15 Apr Tsukiji Fish Market and Sushi Class
When you plan a trip to Tokyo everyone says to go to Tsukiji Fish Market (tsue-key-gee) and eat sushi for breakfast. We found a better way to visit the market and get to enjoy sushi.
A tour and sushi making class!
The inner Tsukiji Fish Market
If you are looking at going to see Tsukiji Fish Market you will hear a lot about the “inner” and “outer” market. The inner market is where the fisherman are located with stalls selling all of their wares from the ocean. There are very narrow passageways and it is wet everywhere-obviously. This is also a sort of dangerous area. The carts that they use to deliver the fresh fish to the different vendors zip and zoom everywhere. They WILL NOT stop if you are not paying attention and get in their way. One even bumped into our tour guide and another guest in our group. Both who were watching and paying attention, but the drivers of those carts still didn’t care. Inside the inner market look around, but pay attention and look out for these carts.
The outer Tsukiji Fish market.
The outer market is where you can buy various food from vendors or stop at a standing ramen restaurant or a sushi place. We also bought some sushi plates from a cute little store and a nice woman in the outer market. The tour did not focus on the outer market, but we meandered here after our class was over.
Our tour started at 8am and we made a cursory pass through the outer market. We stopped at a vendor at the outer market and watched him cut some tuna into very delicious looking pieces. Our guides purchased some to make sushi with later. We walked on and eventually made our way to the inner market. I will say it again, watch out for the carts!
My only negative about The Tsukiji Fish Market Workshop was the walk through the inner market. There was so much going on and a lot of fish I didn’t recognize. Our guides didn’t really talk to us at all at this point. It was interesting to walk around and watch what was happening, but my personal experience would have been better with a little more education about the market.
We made our way to a fish monger and our sushi chef picked out a few live fish. He showed us how he filets the fish while they are still alive. I am cringing writing this and thinking about it all over again. I am from Oklahoma and I know where my food comes from, but this was very difficult to watch. The premise is this. The monger uses his knife and cuts the end of the tail off to expose the spine. He sticks a steel rod in the spine of the fish. This renders the fish motionless, but it does not die. Then while the fish is alive he cuts it up. Because the fish does not enter rigor mortis the meat stays supple. I can’t lie, for me it was horrible to watch. Once I learned the process I turned my back and didn’t witness anymore.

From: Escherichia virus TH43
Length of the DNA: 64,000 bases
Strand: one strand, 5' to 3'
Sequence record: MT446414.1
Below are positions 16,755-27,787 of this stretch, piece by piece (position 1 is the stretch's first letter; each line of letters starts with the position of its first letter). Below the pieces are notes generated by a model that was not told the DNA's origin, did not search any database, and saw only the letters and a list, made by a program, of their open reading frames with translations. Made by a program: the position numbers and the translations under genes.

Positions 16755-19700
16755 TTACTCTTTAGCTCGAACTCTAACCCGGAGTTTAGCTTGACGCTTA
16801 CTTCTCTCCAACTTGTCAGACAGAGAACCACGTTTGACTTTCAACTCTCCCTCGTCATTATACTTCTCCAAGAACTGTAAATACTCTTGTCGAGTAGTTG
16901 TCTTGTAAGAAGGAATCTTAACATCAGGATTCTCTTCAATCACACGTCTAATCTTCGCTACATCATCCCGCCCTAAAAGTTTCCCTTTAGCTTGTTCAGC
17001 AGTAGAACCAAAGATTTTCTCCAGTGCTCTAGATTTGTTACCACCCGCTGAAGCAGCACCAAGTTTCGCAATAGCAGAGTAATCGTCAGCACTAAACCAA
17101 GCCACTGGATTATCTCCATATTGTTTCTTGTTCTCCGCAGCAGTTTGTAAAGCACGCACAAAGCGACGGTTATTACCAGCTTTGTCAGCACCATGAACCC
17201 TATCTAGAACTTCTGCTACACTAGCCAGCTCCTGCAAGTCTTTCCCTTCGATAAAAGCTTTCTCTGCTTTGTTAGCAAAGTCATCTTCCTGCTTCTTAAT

After we chose our fish and our guides made a few purchases we made our way back to their kitchen. It is on the second floor above some vendors in the outer market. It took 8 minutes to walk there from inside the market and was a perfect location.
When we walked in we removed our shoes and found a seat at one of the 3 tables sitting around the room. There were pillows for us to sit on and as soon as we settled in our guides brought us hot tea.
Our sushi chef got to work immediately.
He pulled out each of the things he purchased and explained them all to us. Tuna, salmon, halibut and the biggest scallops I have seen in my entire life. He started showing us all how to make each of the filets into sushi. There is a very specific technique to cut the fish just right so that it will eventually fit over the rice. It is also supposed to be the exact same thickness for each slice. Several people tried to cut the sushi while the chef helped them. We would just slip our feet into some shared slippers to go into the kitchen and try slicing the fish. The chef did not speak any English, but two of the other guides did so they did all the translating.
While one group focused on the fish the rest of the group chatted or watched the other guides prepare other parts of the meal. One of my favorite parts was the wasabi plant. I had no idea how wasabi was made and I thought it was fascinating.
Fresh wasabi is delicious.
We also had the choice of paying an additional 1000 Yen and doing a sake tasting. Of course we took part in sake tasting. Our guide brought out 6 bottles of sake and we served ourselves until we had our fill. I wish I would have gotten a picture, but I was too busy pouring drinks.
Once all the fish was cut and ready for us our guides and chef made plates for each table. There was a bowl of rice for each table and a plate of sliced fish. They walked us through the right way to roll the rice, putting a dab of wasabi on and then choosing a piece of fish.
We made nigiri and ate each piece as it was finished.
It was amazing. I am not just saying that because of all the sake I consumed. The fish was-obviously-very fresh and the texture was so smooth and velvety. I wish I wouldn’t have had to share the plate. I could have finished it all by myself. The tuna and the scallops were my personal favorite.
From start to finish it was about 4 hours long and we had a fabulous time. We made friends with some other guests and really enjoyed their company too. I thought the Tsukiji Market Fish tour and sushi making class was the perfect way to see the market and enjoy fresh sushi.
The market is moving in November of 2016. The summer Olympics will be in Tokyo in 2020 and they are making way for new Olympics related buildings. It is sad that this historic place will be gone, but I hear the new market is incredibly modern and the architecture will be phenomenal…as is the Japanese way. If you have a trip to Japan or Tokyo planned in 2016 then you should definitely make a visit to Tsukiji Fish Market, but look out for those carts!